Well before the end of the second century the Church of Rome was occupying an outstanding place in the total Christian fellowship. This was to be expected. Being in the capital and chief city of the Empire, if it were at all strong it would naturally be regarded with deference by a religious community which was found principally within that Empire.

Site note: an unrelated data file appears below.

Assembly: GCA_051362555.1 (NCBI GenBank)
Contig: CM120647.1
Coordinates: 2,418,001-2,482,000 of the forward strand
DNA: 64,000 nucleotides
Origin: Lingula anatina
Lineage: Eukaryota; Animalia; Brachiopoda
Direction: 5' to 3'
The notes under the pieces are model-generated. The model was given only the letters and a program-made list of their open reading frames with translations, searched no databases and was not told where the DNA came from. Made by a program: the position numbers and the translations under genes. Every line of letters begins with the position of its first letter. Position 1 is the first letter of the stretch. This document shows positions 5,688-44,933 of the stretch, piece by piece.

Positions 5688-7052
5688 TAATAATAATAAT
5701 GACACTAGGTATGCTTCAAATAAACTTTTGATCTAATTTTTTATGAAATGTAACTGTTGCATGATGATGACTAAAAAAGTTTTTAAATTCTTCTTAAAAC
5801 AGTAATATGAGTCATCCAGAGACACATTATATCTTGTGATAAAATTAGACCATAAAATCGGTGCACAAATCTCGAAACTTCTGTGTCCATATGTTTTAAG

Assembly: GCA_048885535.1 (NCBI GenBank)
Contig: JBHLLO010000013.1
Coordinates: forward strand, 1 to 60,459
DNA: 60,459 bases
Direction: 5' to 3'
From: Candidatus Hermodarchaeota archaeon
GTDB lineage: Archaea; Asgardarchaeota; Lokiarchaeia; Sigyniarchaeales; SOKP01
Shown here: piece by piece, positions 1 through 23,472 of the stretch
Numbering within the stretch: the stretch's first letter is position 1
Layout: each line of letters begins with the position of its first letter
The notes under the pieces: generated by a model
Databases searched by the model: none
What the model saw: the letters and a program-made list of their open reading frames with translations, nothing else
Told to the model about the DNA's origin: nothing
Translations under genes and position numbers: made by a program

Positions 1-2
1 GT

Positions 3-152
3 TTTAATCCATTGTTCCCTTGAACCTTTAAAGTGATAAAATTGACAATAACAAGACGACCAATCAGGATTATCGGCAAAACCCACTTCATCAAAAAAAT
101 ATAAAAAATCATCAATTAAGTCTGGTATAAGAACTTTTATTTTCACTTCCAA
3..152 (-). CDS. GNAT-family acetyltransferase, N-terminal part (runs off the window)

As we have seen, it appears to have been vigorous before Paul reached it. So important did Paul deem it that he felt it advisable when he had been hoping to come as a free man and not a prisoner to precede his visit by the most carefully thought out and deliberately written letter which we have from him. In addressing the Church of Rome, he declared that the news of its faith was already being "spoken of throughout the whole world." Presumably, since "all roads led to Rome," and the city was extraordinarily cosmopolitan and attracted representatives of most if not all of the many regions and races of the Empire, the Church of Rome would, through its members, have ties with many different portions of the realm. For several generations its language was Greek, the most generally used of the tongues of the Empire, and this would further its widely extended contacts. Although not founded by either, the Church of Rome enjoyed the prestige of the presence of both Peter and Paul, and what appears to be dependable information declares that Rome was the scene of the martyrdom both of the outstanding member of the original Twelve Apostles and of the chief missionary of the early Church. The epistle of Clement which we have already mentioned was written partly to ease a difficult situation in one of Paul's churches, that in the great commercial city of Corinth. It is evidence that the Church of Rome felt a responsibility for the peace of this sister church and that it believed that an expression of its concern would not be regarded at Corinth as an impertinence. It may well have been that it thought of itself as being under similar obligation to other churches. Certainly in the third quarter of the second century Iren^us, Bishop of Lyons, in Gaul, and who, coming from Asia, would not be biased by Roman origin, declared that "it is a matter of necessity that every church should agree with this church [i.e., of Rome] on account of its preeminent authority." This does not mean that the Church of Rome had the wide supervisory and directive functions which it later claimed and exercised through its bishops. However, the foundations for that eventual supremacy go back to the first century.
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